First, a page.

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Final free expression meeting generates debate

By Ryan Spencer

Section: News

November 3, 2017

The opinions, emotions and heartfelt beliefs of more than 30 members of the Brandeis community filled the Intercultural Center Lounge Monday night in a discussion meant to provide feedback on the Draft Principles of Free Expression and Free Speech released earlier this semester.

This discussion marked the final of three open meetings scheduled to discuss the draft principles “before they are shared with the Board of Trustees and adopted to guide university policy,” according to the Brandeis website. The principles, as they stand, do not represent policy, according to administrators. They can be accessed on the Brandeis website by anyone with a Brandeis login.

Conversation hinged around which argasoices the university was willing to prioritize and whether allowing certain kinds of speech might psychologically harm marginalized groups or make students afraid to voice their opinions.

“The fear that’s being centered [in the draft principles] is the fear of not being able to share an opinion when marginalized folks on this campus have psychological, physical, emotional, so many ongoing fears that are happening on a systemic and interpersonal level,” said one student.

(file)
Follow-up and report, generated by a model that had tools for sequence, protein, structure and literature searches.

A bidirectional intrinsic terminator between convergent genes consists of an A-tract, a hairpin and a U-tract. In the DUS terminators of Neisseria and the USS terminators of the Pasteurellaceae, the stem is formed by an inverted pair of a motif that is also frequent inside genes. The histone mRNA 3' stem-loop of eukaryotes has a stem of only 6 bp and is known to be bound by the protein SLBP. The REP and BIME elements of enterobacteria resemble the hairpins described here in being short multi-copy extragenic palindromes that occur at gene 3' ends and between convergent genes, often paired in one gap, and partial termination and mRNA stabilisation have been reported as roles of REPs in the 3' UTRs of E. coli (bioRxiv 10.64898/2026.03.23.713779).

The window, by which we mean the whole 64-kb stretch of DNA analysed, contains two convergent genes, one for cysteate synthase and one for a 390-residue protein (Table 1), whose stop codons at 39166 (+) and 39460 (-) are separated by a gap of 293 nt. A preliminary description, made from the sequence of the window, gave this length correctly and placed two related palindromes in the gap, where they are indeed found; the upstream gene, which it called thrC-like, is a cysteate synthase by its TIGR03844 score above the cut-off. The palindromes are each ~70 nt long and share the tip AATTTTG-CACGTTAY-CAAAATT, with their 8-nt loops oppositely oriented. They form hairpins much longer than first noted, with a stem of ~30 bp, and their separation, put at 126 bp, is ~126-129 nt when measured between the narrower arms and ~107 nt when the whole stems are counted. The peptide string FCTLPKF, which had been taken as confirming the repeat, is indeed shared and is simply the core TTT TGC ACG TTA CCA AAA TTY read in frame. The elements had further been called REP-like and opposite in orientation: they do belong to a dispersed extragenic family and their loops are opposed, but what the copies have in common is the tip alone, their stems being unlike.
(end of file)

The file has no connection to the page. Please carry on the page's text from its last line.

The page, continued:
In response, a member of the Brandeis community asked, “Are there limits of what can be demanded in the name of social or physiological safety?” The question never received a direct response and another question was posed.

“My question is, where is the conversation about power, privilege and oppression in this document?” replied an alumnus of the Heller School for Social Policy and Management who said she participated in Ford Hall 2015.

Attendees used hypothetical examples based on situations which have affected universities nationwide multiple times to test the limits of the draft principles.

Some members of the Brandeis committee argued that controversial speakers who have hate-filled ideologies could destroy the principles of inclusivity and diversity which the university is supposed to uphold. One undergraduate said many students, “came [to Brandeis] because they believe the entirety of the campus is committed to social justice.”

Others saw educational benefit in being introduced to controversial viewpoints. The undergraduate task force member Charlotte Aaron ’18 described herself as a “Jewish person” but said she “would love to sit down and talk to a Nazi.” She said that the hypothetical conversation could fulfill her personal and academic curiosities.